Cache is an example of a branded video host delivering talking head style marketing insight in an entertaining, memorable, and often oddball style. Cache is a slipstreamed digital reinterpretation of the Max Headroom character originally introduced in the 1980s and created to introduce music videos. The presentation of tips and techniques can often be pedantic and boring. Cache was created to present informative content in a style that is informative, refreshing and humorous.
It’s pretty much taken for granted today that video is the most efficient and effective method of delivering a sophisticated marketing message to an audience. Video incorporates images, motion, and sound design into a presentation package that surpasses all other communication vehicles. That said, the advent of the cult of amateurism has fostered an abundance of poorly conceptualized and inadequately executed video content. Video requires creative, conceptual, and technical expertise.
In a world of Twitter, texting, and emoticons, we often forget the importance of how to use language as a communication tool. Words have meaning and if you do not know how to use them effectively, you will ultimately pay a high price for your inarticulate communication. Most marketing today concentrates on “the what” when it’s “the why” that’s the motivating trigger. Answer “why” your audience should care about your product and your competitor’s “what” will become irrelevant.
Sound design is one of the most powerful yet least understood psychological tools marketers have to deliver their brand messages. Sound design includes on-screen character voices, voice-over, music, digital sound effects, Foley, sound tags and audio logos. Music and voice provide the emotional context and subtext, while sound effects punctuate, emphasize, and focus attention on key presentation elements. Audio logos and sound tags are branding tools used to embed signature visuals into your audience’s memory.
Like it or not, people are driven by hardwired desires, desires that can be defined by Maslow’s Hierarchy of Needs. Far too many businesses try to motivate desire with logic when in fact emotion and hardwired survival instincts found deep in the reptilian portion of the brain govern people’s behavior. Purchase decisions generally start with one of Maslow’s survival instincts that are then supplemented by seemingly rational justification, when in fact emotion and psychological need are the real purchase triggers.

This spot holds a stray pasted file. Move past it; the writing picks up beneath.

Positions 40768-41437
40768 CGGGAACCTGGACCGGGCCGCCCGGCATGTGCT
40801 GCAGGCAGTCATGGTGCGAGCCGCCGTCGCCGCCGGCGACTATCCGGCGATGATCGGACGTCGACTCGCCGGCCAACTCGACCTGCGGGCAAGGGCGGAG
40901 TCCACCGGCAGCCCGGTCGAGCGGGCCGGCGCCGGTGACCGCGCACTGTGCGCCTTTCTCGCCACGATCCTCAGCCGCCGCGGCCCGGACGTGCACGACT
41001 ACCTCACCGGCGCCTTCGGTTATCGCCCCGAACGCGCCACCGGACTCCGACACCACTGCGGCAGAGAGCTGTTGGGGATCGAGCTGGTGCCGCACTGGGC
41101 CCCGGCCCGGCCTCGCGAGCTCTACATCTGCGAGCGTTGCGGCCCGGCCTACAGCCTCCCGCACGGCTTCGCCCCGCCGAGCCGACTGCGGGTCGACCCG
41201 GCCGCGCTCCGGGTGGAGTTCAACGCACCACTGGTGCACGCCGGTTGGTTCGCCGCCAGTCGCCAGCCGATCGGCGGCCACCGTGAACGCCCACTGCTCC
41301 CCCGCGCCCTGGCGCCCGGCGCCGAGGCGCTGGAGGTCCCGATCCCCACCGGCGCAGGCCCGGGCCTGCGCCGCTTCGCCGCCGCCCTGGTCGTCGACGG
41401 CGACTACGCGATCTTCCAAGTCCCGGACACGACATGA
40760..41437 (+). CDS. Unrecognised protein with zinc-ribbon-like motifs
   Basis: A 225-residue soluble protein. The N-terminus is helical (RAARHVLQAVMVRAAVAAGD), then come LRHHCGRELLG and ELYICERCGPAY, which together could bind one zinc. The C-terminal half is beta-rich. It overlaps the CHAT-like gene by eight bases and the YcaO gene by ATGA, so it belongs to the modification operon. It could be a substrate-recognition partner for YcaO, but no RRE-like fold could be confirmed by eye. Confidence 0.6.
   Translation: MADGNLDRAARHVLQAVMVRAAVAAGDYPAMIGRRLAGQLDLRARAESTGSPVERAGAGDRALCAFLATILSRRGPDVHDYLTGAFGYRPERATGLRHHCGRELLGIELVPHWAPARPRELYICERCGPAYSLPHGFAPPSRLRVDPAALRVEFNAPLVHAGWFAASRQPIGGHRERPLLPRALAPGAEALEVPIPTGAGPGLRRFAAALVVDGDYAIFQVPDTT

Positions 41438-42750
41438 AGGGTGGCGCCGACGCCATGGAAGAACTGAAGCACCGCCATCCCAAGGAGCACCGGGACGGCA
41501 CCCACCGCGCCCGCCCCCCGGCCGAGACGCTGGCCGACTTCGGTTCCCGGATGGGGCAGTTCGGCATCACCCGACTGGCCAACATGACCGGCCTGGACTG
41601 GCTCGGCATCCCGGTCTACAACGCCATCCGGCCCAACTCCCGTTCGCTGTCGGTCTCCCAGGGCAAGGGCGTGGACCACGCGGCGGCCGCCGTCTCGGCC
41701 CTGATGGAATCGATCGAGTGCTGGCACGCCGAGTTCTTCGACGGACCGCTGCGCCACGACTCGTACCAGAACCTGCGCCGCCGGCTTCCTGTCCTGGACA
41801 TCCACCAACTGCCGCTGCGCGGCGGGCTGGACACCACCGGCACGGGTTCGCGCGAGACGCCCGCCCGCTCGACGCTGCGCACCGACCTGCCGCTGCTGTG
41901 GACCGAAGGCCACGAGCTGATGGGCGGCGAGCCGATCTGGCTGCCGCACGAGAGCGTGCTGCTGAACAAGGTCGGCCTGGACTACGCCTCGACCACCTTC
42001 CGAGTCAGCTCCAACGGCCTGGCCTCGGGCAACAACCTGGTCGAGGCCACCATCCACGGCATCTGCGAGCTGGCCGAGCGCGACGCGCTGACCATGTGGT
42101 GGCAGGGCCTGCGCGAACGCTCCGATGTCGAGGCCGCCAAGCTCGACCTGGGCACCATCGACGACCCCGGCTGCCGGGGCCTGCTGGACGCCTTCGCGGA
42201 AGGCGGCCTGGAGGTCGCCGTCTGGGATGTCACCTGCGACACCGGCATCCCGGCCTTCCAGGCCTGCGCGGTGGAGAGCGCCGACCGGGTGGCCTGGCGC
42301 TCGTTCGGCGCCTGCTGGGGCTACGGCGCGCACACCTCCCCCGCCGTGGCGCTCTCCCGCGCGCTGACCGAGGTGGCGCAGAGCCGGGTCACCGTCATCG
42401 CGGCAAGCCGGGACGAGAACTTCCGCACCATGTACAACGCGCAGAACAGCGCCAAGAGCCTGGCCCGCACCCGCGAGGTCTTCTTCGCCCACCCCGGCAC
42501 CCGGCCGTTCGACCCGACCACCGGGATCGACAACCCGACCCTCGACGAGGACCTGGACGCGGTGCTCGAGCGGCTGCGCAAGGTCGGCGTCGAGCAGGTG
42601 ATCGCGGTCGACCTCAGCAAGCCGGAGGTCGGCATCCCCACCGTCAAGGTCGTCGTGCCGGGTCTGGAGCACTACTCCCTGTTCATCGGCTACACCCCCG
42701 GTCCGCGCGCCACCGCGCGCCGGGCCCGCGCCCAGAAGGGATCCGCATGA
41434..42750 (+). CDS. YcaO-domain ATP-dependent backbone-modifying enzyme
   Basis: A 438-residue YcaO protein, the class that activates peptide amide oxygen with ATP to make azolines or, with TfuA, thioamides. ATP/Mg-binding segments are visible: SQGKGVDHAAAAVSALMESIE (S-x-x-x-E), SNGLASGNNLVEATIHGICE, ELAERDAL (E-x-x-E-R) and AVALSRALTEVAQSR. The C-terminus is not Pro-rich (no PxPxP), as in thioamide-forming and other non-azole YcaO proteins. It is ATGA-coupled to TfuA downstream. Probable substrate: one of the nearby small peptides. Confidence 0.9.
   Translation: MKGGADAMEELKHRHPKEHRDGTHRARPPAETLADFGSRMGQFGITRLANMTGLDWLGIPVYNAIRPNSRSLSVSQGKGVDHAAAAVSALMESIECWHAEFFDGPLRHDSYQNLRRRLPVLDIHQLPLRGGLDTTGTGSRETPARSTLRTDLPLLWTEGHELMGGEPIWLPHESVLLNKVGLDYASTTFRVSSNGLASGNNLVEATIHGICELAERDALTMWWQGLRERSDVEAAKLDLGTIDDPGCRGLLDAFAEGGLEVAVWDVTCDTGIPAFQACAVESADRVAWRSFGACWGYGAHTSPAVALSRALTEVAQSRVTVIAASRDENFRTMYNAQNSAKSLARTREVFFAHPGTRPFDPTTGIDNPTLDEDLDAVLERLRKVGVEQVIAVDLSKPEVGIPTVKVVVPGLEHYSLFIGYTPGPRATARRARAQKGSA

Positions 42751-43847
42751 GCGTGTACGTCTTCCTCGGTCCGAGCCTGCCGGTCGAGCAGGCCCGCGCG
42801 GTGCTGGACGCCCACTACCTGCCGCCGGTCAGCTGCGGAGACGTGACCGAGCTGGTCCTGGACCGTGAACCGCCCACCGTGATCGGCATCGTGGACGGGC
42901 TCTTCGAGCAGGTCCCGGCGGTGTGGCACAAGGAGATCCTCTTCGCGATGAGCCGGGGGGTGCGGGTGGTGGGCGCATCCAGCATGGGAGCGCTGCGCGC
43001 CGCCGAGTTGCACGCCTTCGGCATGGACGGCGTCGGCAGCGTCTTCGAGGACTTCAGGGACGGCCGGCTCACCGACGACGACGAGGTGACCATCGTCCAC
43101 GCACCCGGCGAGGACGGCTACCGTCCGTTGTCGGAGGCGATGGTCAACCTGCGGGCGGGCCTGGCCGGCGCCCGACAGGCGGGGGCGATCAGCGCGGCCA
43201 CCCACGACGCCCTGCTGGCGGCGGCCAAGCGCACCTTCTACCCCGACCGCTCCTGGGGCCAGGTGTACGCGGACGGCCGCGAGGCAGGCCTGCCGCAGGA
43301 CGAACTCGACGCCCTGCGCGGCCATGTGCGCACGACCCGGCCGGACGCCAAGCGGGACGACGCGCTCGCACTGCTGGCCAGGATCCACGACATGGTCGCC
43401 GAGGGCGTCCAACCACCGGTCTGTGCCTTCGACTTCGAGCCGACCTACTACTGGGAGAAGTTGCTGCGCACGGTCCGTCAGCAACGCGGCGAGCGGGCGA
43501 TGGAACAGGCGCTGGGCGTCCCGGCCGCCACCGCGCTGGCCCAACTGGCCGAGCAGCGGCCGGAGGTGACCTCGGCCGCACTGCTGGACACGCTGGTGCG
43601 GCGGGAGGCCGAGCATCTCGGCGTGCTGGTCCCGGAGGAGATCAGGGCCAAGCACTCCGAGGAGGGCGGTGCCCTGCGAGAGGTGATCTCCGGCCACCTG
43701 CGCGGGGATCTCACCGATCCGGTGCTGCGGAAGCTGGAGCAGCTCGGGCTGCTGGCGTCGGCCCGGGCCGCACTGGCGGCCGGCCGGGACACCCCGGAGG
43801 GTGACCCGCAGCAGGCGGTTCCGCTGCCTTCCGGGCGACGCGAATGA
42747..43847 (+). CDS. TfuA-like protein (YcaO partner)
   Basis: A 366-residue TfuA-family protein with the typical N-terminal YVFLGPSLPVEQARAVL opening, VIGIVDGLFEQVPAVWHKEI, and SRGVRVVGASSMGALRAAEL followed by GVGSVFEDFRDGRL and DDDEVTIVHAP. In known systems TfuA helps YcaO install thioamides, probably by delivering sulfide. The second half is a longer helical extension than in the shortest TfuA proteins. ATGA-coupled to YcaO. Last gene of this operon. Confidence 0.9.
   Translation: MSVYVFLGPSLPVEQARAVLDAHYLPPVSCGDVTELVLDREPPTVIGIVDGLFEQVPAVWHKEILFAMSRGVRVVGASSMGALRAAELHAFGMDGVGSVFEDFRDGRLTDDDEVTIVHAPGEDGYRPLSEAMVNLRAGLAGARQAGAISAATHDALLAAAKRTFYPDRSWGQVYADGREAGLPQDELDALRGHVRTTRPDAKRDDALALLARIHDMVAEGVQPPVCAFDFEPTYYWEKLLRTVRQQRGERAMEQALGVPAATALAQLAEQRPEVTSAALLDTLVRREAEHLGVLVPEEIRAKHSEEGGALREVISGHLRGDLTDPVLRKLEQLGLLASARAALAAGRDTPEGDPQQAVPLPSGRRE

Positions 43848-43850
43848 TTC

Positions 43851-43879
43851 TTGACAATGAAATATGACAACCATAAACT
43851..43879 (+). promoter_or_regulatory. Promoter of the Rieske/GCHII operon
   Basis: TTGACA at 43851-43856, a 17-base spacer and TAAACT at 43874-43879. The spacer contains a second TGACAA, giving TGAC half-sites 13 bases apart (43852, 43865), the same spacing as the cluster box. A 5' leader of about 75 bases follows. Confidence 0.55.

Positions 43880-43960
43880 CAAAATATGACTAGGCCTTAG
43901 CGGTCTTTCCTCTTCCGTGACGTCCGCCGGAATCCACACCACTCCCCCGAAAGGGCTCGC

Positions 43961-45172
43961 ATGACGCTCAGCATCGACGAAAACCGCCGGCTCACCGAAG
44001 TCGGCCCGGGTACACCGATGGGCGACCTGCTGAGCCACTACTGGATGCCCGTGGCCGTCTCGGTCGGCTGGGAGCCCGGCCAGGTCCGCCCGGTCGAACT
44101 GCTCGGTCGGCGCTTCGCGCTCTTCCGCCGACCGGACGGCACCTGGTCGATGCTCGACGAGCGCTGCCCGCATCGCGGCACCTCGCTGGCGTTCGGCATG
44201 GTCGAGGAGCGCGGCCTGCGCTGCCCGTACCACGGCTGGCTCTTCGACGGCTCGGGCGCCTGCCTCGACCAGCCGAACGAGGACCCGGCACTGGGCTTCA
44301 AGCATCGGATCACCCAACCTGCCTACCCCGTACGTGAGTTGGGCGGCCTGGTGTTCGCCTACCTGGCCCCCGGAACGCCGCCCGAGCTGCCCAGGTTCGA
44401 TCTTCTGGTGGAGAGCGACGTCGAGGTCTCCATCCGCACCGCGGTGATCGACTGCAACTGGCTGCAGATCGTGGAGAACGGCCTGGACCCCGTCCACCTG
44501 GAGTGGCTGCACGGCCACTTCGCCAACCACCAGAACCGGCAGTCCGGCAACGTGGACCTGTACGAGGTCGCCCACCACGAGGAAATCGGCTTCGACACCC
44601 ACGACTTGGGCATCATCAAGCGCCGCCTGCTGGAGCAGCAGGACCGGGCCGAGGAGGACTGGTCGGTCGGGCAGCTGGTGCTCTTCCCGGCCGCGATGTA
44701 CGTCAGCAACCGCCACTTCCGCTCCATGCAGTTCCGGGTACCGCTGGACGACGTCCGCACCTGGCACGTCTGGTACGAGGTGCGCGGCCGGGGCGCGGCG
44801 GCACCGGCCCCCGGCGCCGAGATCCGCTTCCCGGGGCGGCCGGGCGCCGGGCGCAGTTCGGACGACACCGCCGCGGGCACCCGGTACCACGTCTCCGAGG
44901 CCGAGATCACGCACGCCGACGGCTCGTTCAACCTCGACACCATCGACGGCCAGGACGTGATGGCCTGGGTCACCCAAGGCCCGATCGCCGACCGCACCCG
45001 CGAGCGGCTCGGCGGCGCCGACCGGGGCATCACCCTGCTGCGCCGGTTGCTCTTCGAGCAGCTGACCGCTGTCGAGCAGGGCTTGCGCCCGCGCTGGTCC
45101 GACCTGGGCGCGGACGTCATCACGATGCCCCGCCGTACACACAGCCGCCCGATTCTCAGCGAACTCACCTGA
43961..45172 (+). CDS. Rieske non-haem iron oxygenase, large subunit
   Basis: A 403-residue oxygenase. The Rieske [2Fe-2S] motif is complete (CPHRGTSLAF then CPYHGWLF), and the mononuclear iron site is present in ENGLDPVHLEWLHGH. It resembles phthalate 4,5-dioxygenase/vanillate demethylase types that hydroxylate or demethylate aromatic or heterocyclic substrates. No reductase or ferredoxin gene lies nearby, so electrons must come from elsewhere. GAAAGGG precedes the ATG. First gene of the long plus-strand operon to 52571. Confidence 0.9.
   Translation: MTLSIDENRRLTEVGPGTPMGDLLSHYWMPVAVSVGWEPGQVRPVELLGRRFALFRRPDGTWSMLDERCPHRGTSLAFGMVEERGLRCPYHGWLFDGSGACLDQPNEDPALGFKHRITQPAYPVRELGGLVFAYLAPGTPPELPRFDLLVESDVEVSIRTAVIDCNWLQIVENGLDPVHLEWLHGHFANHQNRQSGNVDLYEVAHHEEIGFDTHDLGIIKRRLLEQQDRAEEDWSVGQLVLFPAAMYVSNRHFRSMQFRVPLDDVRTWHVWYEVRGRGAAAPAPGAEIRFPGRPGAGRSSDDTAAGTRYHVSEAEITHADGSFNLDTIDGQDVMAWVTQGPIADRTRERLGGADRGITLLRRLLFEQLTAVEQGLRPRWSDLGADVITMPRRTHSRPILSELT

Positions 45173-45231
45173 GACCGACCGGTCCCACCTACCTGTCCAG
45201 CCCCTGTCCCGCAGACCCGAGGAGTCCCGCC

The Law of Dissatisfaction is simple: people do not buy things they already have and are happy with. Therefore, if you want people to buy your product or service, you have to make them unhappy with what they have, or better yet, make them unhappy that they don’t have what it is you’re selling. The Law of Dissatisfaction may at first seem counterintuitive but it is in reality quite logical. Marketing is psychological persuasion and the main effort is to get your audience to see your product as a solution to their dissatisfaction.
There’s a reason people go to the movies, watch TV, and respond to commercials. These presentations connect to an audience using a formula that creates a brand universe, where a brand hero represents audience hopes, dreams and aspirations. The audience lives out their desires vicariously through the actions of the brand hero. Since the time of Aristotle people have responded to story and if you want to connect to your audience, you have to understand what brand story is, and how to use it properly.
Give us a minute and we’ll deliver your marketing message. 136words is approximately the length of a script that will result in one minute of video. That is all it takes to grab your audience’s attention and motivate them to action. The key to success is understanding that each video should deliver one idea. If you need to deliver multiple ideas, create multiple videos. Companies go wrong when they try to cram too much into a single presentation and that only results in audience confusion and frustration. For more check out 136words.com.
If you want your customers to remember who you are, what you do, and why they should care, you have to provide them with something more than a new feature benefits attached to a buy button. Competition is just too stiff to get away with a just-the-facts approach. In a highly competitive Web business environment where dozens of companies all sell the same thing in the same way, the difference-maker boils down to branding, and the essence of branding requires you to turn your marketing into an experience.
The talking head is an opportunity to establish a brand image that reflects a company’s personality and distinguishes it in a memorable way from its competition. Unfortunately, most business implementations are weak and boring. A talking head should be a Branded Web Host that connects to an audience while conveying your message in an informative and entertaining manner. The Cache Closed project serves as an example of how to implement these talking heads with style, substance and panache.
Media hype and trendiness often leads to a lot of costly marketing mistakes. Take for example viral video. The idea of viral video is simple: create something that is cool enough to prompt people to share it with their friends, family, and colleagues. The problem is viral marketing must also have purpose, it’s not good enough to just be cool, there must be a point. Video without purpose has no memorable branding factor. It’s the commercial you remember without remembering what’s being sold.